The Need for a Team that Gives Its All

Sep 06, 2011 Published under Entrepreneurship and Management, Leadership

This New York Times article makes the important point that having the most capable, productive and creative employees are a key component to success in any business.  It is important that all team members give 120% and that mediocrity never be tolerated.  Thanks to our leadership team, we have the good fortune to be able to work with many great team members who work around the clock with focus and diligence.

Spotted by Daniel Lubetzky, by Adeena Schlussel

New York Times

February 8, 2011, 7:00 AM

The Dirty Little Secret of Successful Companies


Thinking Entrepreneur

How many times have you heard the head of a company say it’s successful because of its great people? You hear it in speeches and you read it in interviews, books, and other company propaganda. And it sounds great — gracious and humble and nice. It may even be true, but it is not the whole story.

What these people don’t tell you in those interviews and books — and I’ve read quite a few — is that great companies may be great at a lot of things, but they do not always hire the right people. And that leaves them in the same place as the rest of us (but probably less often). It’s a dirty little secret that even great companies have to fire the people who don’t work out. You don’t read about it very often, because firing people doesn’t make for great public relations. It doesn’t seem gracious or nice. But that can leave a false impression.

Over the years my hiring mistakes often got me wondering what I was doing wrong. I thought I was the only one who was struggling with this. I was trying to build my business, and I was dealing with all of the repercussions of not understanding the best ways to hire, train, and manage employees. Here are some of the things I eventually learned.

If you want to run a great company — a company they gives great customer service and delivers a great product and has happy employees and a good bottom line, you occasionally have to fire people. Who? The people who after exhaustive training and coaching and counseling cannot do the job. The people who would probably be rated a six on a scale of one to 10. You’ve probably already parted company with the people who rate worse than a six – but it’s the sixes who can be tricky. They’re not that bad, but they’re just not good.

How can you spot the sixes? You know who they are. You might even like them. They can seem capable, but they can also be unreliable. They make too many mistakes, they aren’t good with people, they are sloppy, they have trouble separating their personal time from work time, they aren’t honest, they don’t accept responsibility, they waste time and they can be disrespectful of co-workers. Here’s the real test: What would your visceral response be if they quit? Relief? I think that says it all.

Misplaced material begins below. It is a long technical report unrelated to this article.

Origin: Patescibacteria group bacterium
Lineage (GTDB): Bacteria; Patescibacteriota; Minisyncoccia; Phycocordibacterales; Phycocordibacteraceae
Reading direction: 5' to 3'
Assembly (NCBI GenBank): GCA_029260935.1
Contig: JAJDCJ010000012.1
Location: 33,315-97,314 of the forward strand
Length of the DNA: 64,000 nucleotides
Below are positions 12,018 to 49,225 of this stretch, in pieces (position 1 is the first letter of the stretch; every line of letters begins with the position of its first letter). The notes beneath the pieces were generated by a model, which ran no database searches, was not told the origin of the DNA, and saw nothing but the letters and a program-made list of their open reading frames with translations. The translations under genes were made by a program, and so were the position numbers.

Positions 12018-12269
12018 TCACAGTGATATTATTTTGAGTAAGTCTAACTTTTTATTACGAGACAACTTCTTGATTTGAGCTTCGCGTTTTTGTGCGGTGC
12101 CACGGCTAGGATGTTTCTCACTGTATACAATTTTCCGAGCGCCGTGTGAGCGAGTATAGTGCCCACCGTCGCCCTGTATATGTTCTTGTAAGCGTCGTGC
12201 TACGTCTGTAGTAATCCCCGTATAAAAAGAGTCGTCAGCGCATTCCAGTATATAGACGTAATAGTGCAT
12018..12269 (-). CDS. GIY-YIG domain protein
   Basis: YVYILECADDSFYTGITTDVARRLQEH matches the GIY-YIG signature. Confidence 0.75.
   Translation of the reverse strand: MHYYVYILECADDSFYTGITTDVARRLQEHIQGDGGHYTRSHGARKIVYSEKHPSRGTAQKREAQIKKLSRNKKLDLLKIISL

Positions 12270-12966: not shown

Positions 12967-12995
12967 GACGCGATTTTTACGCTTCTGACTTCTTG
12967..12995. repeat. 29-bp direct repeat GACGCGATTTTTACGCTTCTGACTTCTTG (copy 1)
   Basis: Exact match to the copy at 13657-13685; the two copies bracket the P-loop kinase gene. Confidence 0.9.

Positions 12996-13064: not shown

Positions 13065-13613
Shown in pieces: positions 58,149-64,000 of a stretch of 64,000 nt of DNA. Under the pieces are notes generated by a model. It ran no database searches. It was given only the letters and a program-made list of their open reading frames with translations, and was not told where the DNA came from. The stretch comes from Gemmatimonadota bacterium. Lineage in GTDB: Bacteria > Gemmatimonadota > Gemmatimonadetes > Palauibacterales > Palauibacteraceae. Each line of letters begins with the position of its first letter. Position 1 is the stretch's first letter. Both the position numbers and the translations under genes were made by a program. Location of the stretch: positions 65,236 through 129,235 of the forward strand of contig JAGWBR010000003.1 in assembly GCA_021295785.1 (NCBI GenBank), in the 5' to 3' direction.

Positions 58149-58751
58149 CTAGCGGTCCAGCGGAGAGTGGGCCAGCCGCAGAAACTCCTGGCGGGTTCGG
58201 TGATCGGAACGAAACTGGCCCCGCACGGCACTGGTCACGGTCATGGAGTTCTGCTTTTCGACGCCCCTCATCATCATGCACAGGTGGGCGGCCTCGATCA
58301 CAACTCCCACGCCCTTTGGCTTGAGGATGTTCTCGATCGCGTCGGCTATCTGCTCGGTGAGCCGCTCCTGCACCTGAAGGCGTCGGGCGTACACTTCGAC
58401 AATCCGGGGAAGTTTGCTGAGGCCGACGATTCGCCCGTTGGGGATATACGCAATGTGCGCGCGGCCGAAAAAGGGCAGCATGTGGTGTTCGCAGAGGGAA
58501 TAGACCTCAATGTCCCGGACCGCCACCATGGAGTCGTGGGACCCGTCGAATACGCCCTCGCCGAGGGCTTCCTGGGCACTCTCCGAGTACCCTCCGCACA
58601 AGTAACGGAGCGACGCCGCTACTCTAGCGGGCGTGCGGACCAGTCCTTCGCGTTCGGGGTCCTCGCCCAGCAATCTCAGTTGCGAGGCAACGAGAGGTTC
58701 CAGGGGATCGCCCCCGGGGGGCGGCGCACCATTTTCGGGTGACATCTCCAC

With all of these issues, it’s a matter of degree. Some people struggle with many of the issues, and some people are really bad with one or two. Based on my conversations with other business owners, I can tell you that most owners will admit to keeping some sixes (and even some fours and fives). They concede that they struggle with the idea of firing them. And that, of course, is their privilege. They can keep them if it makes them happy. The problem is, it usually doesn’t.

These owners are trying to get to “the next level,” to become profitable or maybe just to stay in business. The problem is that firing people is not fun, easy or pleasant. As a matter of fact, it might be the hardest part of being the boss. Many times, these people are nice and they’re trying hard, but they just aren’t suited for the job. The question is: What about the boss who keeps them? I’ve heard every rationalization in the book (as if there is a book about how to run a mediocre company). People are confused; I was confused. It is hard to reconcile trying to be a good boss with trying to be a good person.

I once gave a speech to a large group of insurance brokers. Before the speech, the organizer asked me to sit in on a round-table discussion of brokers talking about how to build their businesses. A woman commented that her company was struggling and that she had hired some new salespeople to find more business. I asked her what she does if after six months or so it becomes obvious that a salesperson is not bringing in business. Would she fire the person? Without hesitation, she blurted out, “I have to look myself in the mirror!” — as if firing someone who isn’t doing the job would make her a bad person.

I have a hard time looking myself in the mirror if I keep someone around who can’t do the job. It is not fair to the other employees, and it certainly isn’t fair to my customers. How would you feel about flying on a plane with a pilot who is a “six?” What about the nurse who cares for your mother in the hospital? The mechanic who fixes the brakes on your car? The person who works for your insurance broker and is in charge of making sure your policies are renewed?

Some sixes might become nines in a different job (maybe even at your company). If you truly want to run a great company, you have to have the right people in the right jobs. Some people will question whether you have the right to make these judgments – but if it’s your business, you not only have the right, you have the responsibility. And I can tell you from personal experience, with 102 employees, business is much easier when the right people are doing things right.

People frequently ask me how I have time to write this blog. It’s because of my great people!

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